Design Factory goes Down Under
While doing my research exchange here in Australia I paid a visit to Swinburne University of Technology, Melbourne, to check out their work in relation to design. When visiting the university, I also visited their Design Factory, a concept inspired by and in collaboration with the Design Factory at Aalto University, Helsinki. Swinburne Design Factory (or ‘Living Lab’, as they also call it) was formally opened already in last November, but the first actual projects have started in March and are still in the making.
When having a chat with Päivi Oinonen (below in the picture), the Swinburne Design Factory coach, an interesting issue came up. Whereas among the academia in Finland it seems that it is easy to connect business together with research and education (to the extent that I’ve been taking this as granted), in Australia it is slightly a different story. Here, it is seen that if something is for business, it can of course feed into research, but not necessarily be directly linked with it, not to mention with education (and vice versa). Our fondness in Aalto to connect business together with teaching and research seems not to be the case in every context.
From where do such doubts then emerge? I’d intuitively think that it has to do with trust among the different parties that bring in investments in the forms of work and other resources. In Finland we are very fortunate to govern a model, where company partners can trust for excellence in education and for a good will between institutions, to enable research in business and in academia to cooperate rather profoundly. Examples such as Product Development Project (PDP) in Aalto Design factory or International Design Business Management program (IDBM) between the different schools have formed to be almost respectable brands in their own right, with a long-established tradition and results combining the best student experience in learning together, interesting research and a profitable output for business as well.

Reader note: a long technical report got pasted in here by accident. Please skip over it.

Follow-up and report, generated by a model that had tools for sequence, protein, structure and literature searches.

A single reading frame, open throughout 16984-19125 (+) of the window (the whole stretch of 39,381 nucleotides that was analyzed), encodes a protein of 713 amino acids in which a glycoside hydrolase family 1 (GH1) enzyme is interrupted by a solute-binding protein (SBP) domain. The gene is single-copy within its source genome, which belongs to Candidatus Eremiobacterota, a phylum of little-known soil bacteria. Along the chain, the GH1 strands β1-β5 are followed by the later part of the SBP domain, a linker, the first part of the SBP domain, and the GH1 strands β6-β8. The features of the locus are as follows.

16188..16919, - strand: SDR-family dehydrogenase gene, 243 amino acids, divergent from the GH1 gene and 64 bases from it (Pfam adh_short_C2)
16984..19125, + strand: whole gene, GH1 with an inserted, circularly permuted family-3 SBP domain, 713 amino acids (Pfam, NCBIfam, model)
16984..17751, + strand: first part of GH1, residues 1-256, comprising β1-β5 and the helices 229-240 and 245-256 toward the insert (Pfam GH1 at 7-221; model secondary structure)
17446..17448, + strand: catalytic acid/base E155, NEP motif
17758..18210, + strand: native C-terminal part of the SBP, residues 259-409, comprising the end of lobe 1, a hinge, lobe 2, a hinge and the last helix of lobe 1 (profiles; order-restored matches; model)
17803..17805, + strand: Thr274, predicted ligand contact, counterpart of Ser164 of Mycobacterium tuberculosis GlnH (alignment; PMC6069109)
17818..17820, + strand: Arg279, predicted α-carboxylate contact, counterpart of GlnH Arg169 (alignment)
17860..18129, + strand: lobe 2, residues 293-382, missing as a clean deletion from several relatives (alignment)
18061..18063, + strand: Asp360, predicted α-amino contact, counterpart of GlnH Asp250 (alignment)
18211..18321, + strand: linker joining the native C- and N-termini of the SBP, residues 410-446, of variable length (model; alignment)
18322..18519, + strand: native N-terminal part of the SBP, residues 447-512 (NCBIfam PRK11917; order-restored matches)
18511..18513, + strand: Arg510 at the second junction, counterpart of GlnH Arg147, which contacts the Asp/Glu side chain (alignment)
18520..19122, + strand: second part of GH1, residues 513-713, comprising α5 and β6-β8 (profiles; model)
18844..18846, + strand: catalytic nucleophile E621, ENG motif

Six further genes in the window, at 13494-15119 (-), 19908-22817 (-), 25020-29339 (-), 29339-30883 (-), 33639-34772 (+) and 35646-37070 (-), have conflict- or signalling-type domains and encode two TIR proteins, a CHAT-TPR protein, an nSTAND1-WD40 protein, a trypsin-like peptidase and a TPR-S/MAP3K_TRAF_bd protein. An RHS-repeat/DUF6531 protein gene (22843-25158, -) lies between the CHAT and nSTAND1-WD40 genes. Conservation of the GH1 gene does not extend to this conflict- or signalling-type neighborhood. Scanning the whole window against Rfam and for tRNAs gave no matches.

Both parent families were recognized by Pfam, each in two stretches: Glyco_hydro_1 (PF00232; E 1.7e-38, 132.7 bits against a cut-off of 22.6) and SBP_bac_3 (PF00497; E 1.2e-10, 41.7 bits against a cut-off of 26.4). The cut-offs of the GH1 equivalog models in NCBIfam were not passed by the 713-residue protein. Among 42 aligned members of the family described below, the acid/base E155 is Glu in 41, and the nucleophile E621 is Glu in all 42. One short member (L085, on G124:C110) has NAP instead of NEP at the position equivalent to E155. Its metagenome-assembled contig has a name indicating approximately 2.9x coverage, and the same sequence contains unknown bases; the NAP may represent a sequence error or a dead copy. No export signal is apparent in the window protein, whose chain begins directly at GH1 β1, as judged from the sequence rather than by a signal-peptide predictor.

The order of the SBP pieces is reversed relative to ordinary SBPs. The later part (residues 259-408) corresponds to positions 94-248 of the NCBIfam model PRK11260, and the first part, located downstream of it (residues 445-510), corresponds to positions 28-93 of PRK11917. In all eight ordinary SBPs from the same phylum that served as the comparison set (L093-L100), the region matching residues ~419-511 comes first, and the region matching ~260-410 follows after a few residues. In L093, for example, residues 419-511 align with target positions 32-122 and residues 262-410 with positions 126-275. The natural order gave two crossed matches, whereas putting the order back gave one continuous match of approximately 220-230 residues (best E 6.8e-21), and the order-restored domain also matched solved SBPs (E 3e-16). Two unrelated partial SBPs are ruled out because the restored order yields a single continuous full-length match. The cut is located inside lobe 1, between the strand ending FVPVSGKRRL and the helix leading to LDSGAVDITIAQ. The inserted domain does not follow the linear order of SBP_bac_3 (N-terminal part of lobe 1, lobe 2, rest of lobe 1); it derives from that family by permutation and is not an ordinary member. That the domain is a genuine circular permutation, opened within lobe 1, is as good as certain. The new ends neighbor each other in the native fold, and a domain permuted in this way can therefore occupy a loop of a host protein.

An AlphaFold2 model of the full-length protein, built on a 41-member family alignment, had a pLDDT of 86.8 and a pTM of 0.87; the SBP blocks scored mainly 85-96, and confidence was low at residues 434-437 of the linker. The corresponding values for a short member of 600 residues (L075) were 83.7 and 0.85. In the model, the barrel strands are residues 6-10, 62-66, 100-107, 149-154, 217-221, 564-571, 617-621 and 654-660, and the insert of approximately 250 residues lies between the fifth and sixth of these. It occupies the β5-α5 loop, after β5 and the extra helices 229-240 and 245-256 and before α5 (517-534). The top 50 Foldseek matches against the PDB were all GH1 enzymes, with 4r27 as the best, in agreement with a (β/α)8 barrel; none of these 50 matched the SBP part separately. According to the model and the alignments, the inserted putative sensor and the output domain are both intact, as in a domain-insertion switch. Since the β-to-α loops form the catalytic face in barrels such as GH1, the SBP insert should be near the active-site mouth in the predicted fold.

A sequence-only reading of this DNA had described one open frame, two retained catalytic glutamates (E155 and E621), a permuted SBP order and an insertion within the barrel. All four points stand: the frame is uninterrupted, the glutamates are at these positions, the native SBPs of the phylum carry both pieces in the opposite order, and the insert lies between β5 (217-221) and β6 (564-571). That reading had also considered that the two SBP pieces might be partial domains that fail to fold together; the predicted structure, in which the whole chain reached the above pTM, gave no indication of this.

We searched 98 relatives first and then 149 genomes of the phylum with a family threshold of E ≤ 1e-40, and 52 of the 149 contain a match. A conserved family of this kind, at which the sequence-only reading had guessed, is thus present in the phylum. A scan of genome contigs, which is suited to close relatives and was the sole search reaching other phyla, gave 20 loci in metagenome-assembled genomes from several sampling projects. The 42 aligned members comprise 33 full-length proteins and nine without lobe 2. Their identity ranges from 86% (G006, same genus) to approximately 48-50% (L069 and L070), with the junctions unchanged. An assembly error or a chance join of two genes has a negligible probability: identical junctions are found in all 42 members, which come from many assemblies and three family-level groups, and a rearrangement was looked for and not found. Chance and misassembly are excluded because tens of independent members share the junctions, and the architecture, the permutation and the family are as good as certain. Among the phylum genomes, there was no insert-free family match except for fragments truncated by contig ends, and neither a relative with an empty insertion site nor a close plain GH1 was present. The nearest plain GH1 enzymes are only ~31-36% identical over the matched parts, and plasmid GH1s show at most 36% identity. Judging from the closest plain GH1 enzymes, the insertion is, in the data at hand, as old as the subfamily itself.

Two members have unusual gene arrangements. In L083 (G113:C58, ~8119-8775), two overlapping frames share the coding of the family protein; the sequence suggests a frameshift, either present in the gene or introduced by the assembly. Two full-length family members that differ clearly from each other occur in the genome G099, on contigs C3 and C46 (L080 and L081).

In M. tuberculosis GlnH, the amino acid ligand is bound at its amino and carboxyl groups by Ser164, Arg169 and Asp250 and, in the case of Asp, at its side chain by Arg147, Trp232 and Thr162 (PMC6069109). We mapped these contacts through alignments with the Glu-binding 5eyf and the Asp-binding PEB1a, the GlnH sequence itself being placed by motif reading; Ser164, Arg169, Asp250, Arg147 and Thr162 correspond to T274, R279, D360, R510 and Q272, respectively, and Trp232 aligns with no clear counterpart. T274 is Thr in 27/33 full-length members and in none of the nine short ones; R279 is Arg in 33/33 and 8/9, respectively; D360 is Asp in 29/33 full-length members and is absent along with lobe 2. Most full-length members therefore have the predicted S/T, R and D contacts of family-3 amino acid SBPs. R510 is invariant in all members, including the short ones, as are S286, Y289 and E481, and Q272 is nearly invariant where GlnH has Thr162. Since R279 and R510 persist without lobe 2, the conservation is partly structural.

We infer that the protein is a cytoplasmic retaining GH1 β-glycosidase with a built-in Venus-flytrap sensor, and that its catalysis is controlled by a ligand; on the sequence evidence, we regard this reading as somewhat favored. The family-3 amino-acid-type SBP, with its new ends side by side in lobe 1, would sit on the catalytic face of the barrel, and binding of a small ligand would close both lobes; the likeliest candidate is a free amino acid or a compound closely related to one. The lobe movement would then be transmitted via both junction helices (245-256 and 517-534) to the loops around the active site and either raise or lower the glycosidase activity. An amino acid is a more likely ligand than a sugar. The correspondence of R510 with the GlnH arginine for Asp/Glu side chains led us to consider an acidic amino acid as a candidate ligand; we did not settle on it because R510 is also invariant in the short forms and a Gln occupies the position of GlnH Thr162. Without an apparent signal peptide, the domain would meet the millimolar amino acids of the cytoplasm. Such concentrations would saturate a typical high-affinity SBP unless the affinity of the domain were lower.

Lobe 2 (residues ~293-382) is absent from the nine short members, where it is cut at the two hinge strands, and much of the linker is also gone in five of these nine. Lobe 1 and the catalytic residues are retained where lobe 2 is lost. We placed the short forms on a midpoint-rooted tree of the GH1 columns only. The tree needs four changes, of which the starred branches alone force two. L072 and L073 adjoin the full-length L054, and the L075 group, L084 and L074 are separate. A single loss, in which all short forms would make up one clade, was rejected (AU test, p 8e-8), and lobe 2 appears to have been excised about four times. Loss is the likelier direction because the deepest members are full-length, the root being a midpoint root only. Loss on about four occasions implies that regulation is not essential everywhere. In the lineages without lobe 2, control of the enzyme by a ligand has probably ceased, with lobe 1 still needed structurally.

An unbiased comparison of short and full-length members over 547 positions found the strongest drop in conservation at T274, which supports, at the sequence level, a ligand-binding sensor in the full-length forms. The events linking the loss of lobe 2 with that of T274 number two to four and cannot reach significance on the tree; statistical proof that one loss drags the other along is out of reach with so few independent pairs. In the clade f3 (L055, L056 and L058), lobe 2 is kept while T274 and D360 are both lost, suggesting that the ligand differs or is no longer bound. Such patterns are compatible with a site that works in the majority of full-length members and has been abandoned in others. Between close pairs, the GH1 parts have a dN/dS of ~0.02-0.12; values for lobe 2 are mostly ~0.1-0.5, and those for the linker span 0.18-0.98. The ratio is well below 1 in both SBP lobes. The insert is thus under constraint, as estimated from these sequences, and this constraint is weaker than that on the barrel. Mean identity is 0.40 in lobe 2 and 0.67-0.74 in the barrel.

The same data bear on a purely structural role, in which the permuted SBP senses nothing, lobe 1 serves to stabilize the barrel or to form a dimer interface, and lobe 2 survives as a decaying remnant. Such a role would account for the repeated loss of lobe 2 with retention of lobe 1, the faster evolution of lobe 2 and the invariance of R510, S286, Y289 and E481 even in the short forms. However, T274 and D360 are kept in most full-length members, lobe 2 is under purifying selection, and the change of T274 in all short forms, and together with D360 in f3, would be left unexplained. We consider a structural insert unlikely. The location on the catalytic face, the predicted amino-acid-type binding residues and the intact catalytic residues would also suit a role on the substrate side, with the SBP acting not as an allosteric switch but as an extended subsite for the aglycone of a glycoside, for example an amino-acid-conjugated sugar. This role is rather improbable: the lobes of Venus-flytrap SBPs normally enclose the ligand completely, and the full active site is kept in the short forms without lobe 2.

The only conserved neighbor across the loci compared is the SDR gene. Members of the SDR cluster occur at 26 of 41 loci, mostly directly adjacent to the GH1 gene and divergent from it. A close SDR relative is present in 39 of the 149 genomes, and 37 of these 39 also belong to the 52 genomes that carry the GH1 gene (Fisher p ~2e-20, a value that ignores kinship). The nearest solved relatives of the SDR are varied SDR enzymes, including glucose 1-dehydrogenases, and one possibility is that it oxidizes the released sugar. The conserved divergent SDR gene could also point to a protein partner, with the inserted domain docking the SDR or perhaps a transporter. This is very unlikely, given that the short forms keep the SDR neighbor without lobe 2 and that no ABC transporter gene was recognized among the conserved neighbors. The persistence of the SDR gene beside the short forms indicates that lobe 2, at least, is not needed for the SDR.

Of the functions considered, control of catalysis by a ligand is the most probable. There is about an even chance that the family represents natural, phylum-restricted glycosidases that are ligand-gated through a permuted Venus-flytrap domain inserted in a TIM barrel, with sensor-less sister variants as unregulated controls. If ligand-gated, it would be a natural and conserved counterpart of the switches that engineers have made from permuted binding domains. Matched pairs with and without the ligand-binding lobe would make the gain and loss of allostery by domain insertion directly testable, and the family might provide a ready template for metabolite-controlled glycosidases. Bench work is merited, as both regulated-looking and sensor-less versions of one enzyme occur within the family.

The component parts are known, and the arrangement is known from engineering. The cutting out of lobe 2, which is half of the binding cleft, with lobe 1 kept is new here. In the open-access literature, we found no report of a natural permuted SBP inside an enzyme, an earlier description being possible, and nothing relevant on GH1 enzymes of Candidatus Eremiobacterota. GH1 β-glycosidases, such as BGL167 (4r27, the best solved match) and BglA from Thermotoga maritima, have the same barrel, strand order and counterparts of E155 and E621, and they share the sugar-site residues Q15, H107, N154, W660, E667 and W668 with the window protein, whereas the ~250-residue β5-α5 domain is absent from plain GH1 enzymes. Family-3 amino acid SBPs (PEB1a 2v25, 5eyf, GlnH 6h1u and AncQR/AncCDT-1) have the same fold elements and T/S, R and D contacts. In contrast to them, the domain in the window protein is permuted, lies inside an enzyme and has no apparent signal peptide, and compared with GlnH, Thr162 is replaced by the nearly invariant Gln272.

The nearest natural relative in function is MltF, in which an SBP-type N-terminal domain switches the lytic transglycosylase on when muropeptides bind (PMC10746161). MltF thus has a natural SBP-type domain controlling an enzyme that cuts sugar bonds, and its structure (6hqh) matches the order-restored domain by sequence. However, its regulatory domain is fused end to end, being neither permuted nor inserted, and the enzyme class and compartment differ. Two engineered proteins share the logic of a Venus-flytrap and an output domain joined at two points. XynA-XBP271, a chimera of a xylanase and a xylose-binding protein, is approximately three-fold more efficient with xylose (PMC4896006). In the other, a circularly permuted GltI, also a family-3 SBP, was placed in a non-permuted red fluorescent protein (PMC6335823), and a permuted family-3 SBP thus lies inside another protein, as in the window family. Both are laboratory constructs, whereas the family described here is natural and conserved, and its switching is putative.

The same concept is now under development in Swinburne, and it may help to create further setting for such cooperation. However, to be able to replicate the success stories in PDP or IDBM in Aalto a lot has to be achieved. In many ways these first projects at Swinburne Design Factory will provide a test bed for a proof of concept, and the future will tell how the story continues.
For me as an educator, researcher and practitioner interested in a transition towards sustainability, the need to seek for new connections between research, practice and education is imminent. Designers and educators alike must involve themselves in creating a ‘transdisciplinary design dialogue’ between several institutions, stakeholders and interest groups to (as suggested by Wahl & Baxter in their Design Issues article, 2008). But this requires trust among the different institutions and stakeholders in the process, and a tradition of success does help.
In many ways such approach to design, research and education requires also understanding of the politics of such activity. In this respect design (and design management) in such contexts can become a powerful agent of change (as a book by Tony Fry, Design as Politics, 2011 – suggests). Design (and design education) for such a transition must understand the politics for creating the change, to achieve the transdisciplinary design dialogue between several partners, institutions and practitioners, to create new value-systems and new sustainable linkages – for a more sustainable world.